Title VII of the Civil Rights Act of 1964 prohibits employment discrimination on the bases of race, color, national origin, sex, and religion. The act prohibits discrimination with respect to a number of actions such as hiring, firing, failing to promote, transferring, or declining to hire a prospective employee. Courts have universally held that Title VII also prohibits associational discrimination, which is the discrimination against individuals because of an association or relationship with members of a protected class. This protection is extended even if the individuals suffering the discrimination are not members of a protected class themselves. An example of associational discrimination is an employer deciding not to hire a prospective white employee because that person’s spouse is Hispanic.
Is This Law Made More Specific in Texas?
Because the Civil Rights Act of 1964 is a federal law, it applies to all Texas employers and employees. The law protects people from discrimination based on their membership in a protected class and/or based on their association with members of a protected class.
Although neither the Fifth Circuit nor the U.S. Supreme Court have explicitly outlined an associational discrimination standard, Texas federal district courts have unambiguously outlined a standard for associational discrimination claims. An employee making an associational discrimination claim must establish that he or she was otherwise qualified for the job in question; that he or she suffered some type of adverse employment action; that the employer knew of the employee’s relationship with a member of a protected class; and that the adverse employment action occurred under circumstances raising a “reasonable inference” that the relationship was a determining factor in the adverse action.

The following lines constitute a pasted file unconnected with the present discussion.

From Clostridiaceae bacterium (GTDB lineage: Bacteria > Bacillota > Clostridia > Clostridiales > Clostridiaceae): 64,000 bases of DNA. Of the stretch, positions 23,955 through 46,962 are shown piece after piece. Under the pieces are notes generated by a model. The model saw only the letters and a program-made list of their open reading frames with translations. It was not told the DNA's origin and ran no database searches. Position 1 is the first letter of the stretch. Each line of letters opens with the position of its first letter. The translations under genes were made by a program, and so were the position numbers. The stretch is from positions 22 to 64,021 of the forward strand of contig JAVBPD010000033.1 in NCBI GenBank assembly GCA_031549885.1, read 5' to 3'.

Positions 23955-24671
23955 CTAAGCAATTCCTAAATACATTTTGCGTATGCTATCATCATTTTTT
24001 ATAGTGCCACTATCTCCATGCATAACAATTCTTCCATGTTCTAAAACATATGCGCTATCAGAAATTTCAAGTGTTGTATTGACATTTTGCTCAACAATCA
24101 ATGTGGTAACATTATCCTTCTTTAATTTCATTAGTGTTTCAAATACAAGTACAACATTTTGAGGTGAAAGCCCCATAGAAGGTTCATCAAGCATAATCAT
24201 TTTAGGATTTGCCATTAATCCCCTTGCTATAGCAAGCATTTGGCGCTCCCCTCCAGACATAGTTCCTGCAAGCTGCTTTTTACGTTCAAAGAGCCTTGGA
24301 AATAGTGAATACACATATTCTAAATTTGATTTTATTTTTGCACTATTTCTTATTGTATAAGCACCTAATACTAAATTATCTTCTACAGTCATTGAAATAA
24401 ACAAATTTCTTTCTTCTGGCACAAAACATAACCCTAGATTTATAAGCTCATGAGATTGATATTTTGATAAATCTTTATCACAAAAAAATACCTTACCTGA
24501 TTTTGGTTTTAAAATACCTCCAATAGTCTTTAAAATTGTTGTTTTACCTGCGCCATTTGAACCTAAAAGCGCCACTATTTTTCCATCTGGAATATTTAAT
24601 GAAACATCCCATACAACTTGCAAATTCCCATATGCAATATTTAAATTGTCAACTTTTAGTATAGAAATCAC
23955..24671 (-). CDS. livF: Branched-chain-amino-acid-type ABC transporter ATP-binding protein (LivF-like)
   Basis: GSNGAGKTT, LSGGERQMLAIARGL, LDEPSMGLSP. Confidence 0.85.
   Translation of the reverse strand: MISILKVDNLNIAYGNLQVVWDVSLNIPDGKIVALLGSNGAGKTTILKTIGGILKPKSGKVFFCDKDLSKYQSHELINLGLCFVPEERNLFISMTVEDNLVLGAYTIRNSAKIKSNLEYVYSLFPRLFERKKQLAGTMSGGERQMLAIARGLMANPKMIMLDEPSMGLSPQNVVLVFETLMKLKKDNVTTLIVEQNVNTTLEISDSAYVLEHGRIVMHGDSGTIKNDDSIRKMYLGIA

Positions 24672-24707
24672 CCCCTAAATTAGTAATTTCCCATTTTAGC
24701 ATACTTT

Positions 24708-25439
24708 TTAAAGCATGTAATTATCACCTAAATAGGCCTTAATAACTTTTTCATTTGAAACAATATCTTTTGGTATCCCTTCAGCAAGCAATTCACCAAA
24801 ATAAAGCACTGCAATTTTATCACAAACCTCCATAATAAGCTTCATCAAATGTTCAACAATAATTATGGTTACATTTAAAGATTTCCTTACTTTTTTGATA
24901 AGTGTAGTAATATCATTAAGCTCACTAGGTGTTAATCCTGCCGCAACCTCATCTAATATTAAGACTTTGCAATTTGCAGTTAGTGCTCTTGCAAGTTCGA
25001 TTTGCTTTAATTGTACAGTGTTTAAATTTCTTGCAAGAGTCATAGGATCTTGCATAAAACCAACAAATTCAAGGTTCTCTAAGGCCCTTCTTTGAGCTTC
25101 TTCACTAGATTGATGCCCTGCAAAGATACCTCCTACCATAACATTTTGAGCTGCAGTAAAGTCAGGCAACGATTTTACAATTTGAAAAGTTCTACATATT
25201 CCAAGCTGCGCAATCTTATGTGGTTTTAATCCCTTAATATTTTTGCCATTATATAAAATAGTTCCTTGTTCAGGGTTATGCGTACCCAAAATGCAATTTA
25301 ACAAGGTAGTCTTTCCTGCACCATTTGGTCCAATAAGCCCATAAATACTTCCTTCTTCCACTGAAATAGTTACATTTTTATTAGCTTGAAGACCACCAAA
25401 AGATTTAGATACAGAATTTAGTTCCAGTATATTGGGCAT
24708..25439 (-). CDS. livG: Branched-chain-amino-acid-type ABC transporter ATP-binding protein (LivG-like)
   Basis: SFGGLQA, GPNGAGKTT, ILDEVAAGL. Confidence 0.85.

Is Associational Discrimination Discussed Under the American’s With Disabilities Act?
The Americans with Disabilities Act (ADA) is also a federal law, so it also applies to Texas employers. While there is no specific test for associational discrimination under the ADA, the courts have adopted a test based on certain situations. The seminal case is Larimer v. IBM Corp. where the court found three types of situations that fall within the protections of the Act.
First, the determination of whether the disabled spouse of an employee or potential employee will cause additional expense to the employer is a situation that might be eligible for an action. For example, if a disabled spouse will cause health insurance premiums to rise, and the employee is fired, then there might be evidence of discrimination.
Secondly, and plainly, an employee can be discriminated against for having a disability by association. The court focused on possible genetic predisposition to certain impairments, such as might be present in an employee with HIV.
Finally, if an employee is distracted by a spouse or family member with a disability, then that distraction could be a condition that might encounter discrimination. While potentially problematic, the level of distraction alongside any other discriminatory actions would be weighed to determine if any discrimination existed in this circumstance.
All Texas employers are responsible for adhering to federal laws and any Texas courts’ interpretation of those federal laws to ensure that discrimination is removed from the workplace. If you have further questions about associational discrimination, contact the experienced employment law attorneys at Simon | Pascal, PLLC.